Photos by Rich Singer
Walking in to the cavernous Fillmore, Charlotte – an 5 year old venue operated by LiveNation – seeing roadies scramble to and fro on the stage, bartenders setting out their menu boards, boasting PBR’s for $9 a pop; I could feel in my gut that it was going to be a good night. The Fillmore is located in the center of the Music Factory – an urban farm of music food and spirit venues, just outside of uptown Charlotte, NC.
I came for Railroad Earth, but once the opener, Have Gun Will Travel got going, I knew I couldn’t leave them out. This 6 piece Florida band, aptly named after the late 50’s television western, has a lively western bluegrass sound that makes you want to tap your toes and sing through your soul. They started the set with Standing at the End of the World with lead singer, Matt Burke, draping his voice – lazily energized like Bob Dylan. They have strong rhythm and are enjoyable, the blend of the player’s instruments and their voices, felt easy and unified. HGWT has a familiar sound, like your singing in the barn with all of your best friends, maybe go milk a cow afterwards. The band formed in 2006 and just released their fourth album “Fiction, Fact or Folktale?” We got to hear a great jazzy guitar solo from Scott Anderson in The Show Must Go On. They also played Finer Things, from the newest album, a rocking laid back tune to break up the two-stepping fury. Actually, every song they played was pleasant and thoughtful. HGWT is a friendship of skilled country western bluegrass musicians, playing exactly as I would hope and expect them to; a lot of heart and incredible skill.
Now, what we came here for; Railroad Earth. The band takes the stage in semidarkness. A wash of blue light grows around the band, as a lone fiddle drones into the hum of wall-to-wall mash of bodies, vibrating in anticipation. The violin grows, and the bass joins the drone of sound, setting the tone, and feeding back and forth with the excitement of the crowd. This is one of my favorite moments of a good show. The “handshake” between the performers and the audience – the first lines of communication. And a great band, like RRE, lets you know right off – “Hey there, you’re gonna want to take a minute to hold on to your hat.” They launch into The Jupiter & the 119, as the lights come up fully lighting our way through this happy mid-tempo hit from their title album, released in 2010. The first thing you hear is the tight vocal harmonies between lead singer/guitarist Todd Sheaffer, bassist Andrew Altman and drummer Carey Harmon. Old Man in the Land highlights the violin and mandolin duo, has an easy island feel and makes you appreciate just how versatile this band is – more so when they play 1759. Played right on the heels of Goat, 1759 highlights as a strong building upbeat Celtic fusion that pulls you through shifting beats and song stories, a wordless musical journey. Later on in the second set, they play streaming instrumental Like A Buddah, which grooves on for days featuring incredible jazz flute played by Andy Goessling and John Skehan on the bouzouki. A clear eastern sound with a Tenessee twist. You wouldn’t imagine the New Jersey roots of this band, who have all played together since they formed in 2001, the only exception being Altman (formerly of Bobby Lee and the Codetalkers) who joined in 2010.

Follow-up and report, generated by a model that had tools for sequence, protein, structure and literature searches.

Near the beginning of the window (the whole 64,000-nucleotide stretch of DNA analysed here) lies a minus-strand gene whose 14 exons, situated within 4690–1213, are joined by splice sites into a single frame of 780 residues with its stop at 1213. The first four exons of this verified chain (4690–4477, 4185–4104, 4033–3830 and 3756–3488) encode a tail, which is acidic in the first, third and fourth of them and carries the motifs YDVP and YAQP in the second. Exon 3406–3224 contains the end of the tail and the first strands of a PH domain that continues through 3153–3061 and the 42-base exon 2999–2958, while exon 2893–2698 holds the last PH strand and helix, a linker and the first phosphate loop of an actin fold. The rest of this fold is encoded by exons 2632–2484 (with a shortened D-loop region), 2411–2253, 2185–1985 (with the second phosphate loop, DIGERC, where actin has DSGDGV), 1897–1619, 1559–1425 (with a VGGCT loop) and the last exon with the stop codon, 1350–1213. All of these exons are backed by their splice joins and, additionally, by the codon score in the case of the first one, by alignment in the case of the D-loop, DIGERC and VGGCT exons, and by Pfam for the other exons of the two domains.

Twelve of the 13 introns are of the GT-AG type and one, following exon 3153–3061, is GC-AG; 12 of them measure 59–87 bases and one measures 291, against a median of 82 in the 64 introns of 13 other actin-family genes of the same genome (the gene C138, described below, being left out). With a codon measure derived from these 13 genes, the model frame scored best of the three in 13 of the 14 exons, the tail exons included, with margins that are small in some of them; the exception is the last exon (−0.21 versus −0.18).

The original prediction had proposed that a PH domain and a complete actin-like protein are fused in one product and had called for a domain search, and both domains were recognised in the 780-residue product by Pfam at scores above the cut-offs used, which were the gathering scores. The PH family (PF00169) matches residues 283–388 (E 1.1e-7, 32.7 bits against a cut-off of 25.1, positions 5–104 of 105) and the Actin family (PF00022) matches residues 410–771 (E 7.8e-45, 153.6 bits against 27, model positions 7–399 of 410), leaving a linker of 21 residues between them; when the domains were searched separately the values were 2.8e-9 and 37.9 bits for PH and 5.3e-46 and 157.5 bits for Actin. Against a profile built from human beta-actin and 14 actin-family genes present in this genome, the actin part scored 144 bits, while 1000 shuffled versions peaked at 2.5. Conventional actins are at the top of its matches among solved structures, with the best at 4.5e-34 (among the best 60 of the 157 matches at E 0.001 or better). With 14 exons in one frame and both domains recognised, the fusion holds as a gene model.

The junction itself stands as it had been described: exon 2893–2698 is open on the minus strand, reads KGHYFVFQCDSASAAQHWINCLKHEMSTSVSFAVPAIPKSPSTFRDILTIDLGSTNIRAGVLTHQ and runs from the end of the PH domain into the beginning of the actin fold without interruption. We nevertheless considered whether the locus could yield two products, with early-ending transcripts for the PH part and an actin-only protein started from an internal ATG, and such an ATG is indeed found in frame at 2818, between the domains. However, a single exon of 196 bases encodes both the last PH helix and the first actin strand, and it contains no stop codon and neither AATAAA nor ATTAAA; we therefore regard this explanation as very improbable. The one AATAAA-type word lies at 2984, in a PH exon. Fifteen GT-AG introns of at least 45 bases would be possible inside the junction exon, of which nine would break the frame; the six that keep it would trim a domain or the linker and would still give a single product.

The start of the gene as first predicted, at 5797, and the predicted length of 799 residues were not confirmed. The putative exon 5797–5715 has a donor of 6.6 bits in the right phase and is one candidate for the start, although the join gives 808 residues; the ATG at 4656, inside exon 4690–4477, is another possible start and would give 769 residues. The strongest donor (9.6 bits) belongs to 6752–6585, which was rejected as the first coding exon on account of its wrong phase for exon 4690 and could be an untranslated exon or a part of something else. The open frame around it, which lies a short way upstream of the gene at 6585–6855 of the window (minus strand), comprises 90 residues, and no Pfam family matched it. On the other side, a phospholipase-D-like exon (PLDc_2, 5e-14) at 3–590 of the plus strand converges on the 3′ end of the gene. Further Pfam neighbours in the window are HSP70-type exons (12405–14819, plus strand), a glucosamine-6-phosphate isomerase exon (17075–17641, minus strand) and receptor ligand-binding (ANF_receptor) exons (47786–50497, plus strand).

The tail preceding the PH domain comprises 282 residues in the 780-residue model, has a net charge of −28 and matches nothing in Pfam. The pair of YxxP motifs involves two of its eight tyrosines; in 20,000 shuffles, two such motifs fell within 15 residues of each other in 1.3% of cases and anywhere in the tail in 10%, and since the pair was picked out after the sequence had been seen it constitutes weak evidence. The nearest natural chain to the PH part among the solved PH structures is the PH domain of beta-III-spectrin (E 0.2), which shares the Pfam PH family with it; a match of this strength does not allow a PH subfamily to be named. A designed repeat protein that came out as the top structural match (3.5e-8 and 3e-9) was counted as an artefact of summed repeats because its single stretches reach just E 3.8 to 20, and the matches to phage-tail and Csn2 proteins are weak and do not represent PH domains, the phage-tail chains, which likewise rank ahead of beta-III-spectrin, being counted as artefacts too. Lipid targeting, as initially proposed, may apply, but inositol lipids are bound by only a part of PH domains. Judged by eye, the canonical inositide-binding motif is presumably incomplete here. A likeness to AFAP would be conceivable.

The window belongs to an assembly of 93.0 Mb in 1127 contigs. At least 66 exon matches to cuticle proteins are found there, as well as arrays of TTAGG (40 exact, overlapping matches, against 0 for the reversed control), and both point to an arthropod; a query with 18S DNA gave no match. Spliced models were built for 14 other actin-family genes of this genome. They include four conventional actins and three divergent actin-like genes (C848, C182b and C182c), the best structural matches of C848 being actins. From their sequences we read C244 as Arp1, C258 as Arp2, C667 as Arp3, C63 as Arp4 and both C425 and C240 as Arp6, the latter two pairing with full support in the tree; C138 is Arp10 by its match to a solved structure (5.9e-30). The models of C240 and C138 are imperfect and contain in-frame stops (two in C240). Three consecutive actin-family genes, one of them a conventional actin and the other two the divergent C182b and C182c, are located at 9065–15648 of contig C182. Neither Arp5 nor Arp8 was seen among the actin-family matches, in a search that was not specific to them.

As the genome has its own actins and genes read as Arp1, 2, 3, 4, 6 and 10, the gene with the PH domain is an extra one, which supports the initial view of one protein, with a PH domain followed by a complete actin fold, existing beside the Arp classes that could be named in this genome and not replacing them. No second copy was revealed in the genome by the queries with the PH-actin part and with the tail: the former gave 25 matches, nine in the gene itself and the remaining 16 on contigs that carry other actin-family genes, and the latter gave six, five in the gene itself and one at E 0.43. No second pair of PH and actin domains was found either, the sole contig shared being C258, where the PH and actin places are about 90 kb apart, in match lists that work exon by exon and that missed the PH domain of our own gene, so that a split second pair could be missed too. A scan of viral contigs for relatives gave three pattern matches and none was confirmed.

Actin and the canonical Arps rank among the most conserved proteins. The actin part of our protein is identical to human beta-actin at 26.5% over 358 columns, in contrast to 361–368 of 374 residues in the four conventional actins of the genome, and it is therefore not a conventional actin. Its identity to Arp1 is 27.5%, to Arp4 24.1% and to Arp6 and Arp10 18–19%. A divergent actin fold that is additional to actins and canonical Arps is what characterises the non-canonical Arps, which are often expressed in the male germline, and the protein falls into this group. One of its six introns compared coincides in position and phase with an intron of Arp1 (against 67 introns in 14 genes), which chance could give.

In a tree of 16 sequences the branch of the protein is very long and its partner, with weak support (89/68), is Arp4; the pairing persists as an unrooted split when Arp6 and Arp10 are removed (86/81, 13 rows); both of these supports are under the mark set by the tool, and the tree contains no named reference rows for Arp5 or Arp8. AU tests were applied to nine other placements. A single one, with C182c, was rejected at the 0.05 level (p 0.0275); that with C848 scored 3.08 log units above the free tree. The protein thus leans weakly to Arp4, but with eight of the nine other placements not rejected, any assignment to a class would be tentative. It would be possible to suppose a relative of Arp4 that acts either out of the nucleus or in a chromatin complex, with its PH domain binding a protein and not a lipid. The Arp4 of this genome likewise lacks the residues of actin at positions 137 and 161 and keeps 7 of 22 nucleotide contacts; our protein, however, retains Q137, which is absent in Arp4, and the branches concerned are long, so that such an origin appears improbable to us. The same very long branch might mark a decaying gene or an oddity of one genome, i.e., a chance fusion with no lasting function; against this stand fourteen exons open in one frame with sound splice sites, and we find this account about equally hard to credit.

The second set started much like the first, a wash of blue, that haunting violin, skillfully managed by Tim Carbone – who makes such a strong impact on each tune. Like each of it’s members – Carbone’s influence on the RRE sound is part of the magic that makes them consistent and familiar while demonstrating incredible versatility.
The second set included Chasin’ A Rainbow, pleasant country tune that hearkens the days of John Denver. Birds of America, starts out with Carbone’s bird-like chatter, and moves into an easy groove – you have to love how much this band pulls you into their improv, they’re involved and feeling every inch of what they are putting out there, but better than that – they never stop communicating with their audience. You feel like you are not just watching the jam, you feel like an active part of it. RRE puts together an incredible show, big venue, but intimate feel. The sound was incredible, and the lights were an entirely different bonus. RRE lighting designer, Alex Anderson, gives the show life and energy, lighting the sets free-style, using creative color washes and playing on the well-known RRE backdrop, cleverly painted with light-reactive colors and paints that blast into a veritable light show.
An incredible show bursting with a strong palette of color and sound, executed by clear masters. If you have not seen RRE live yet – go and do.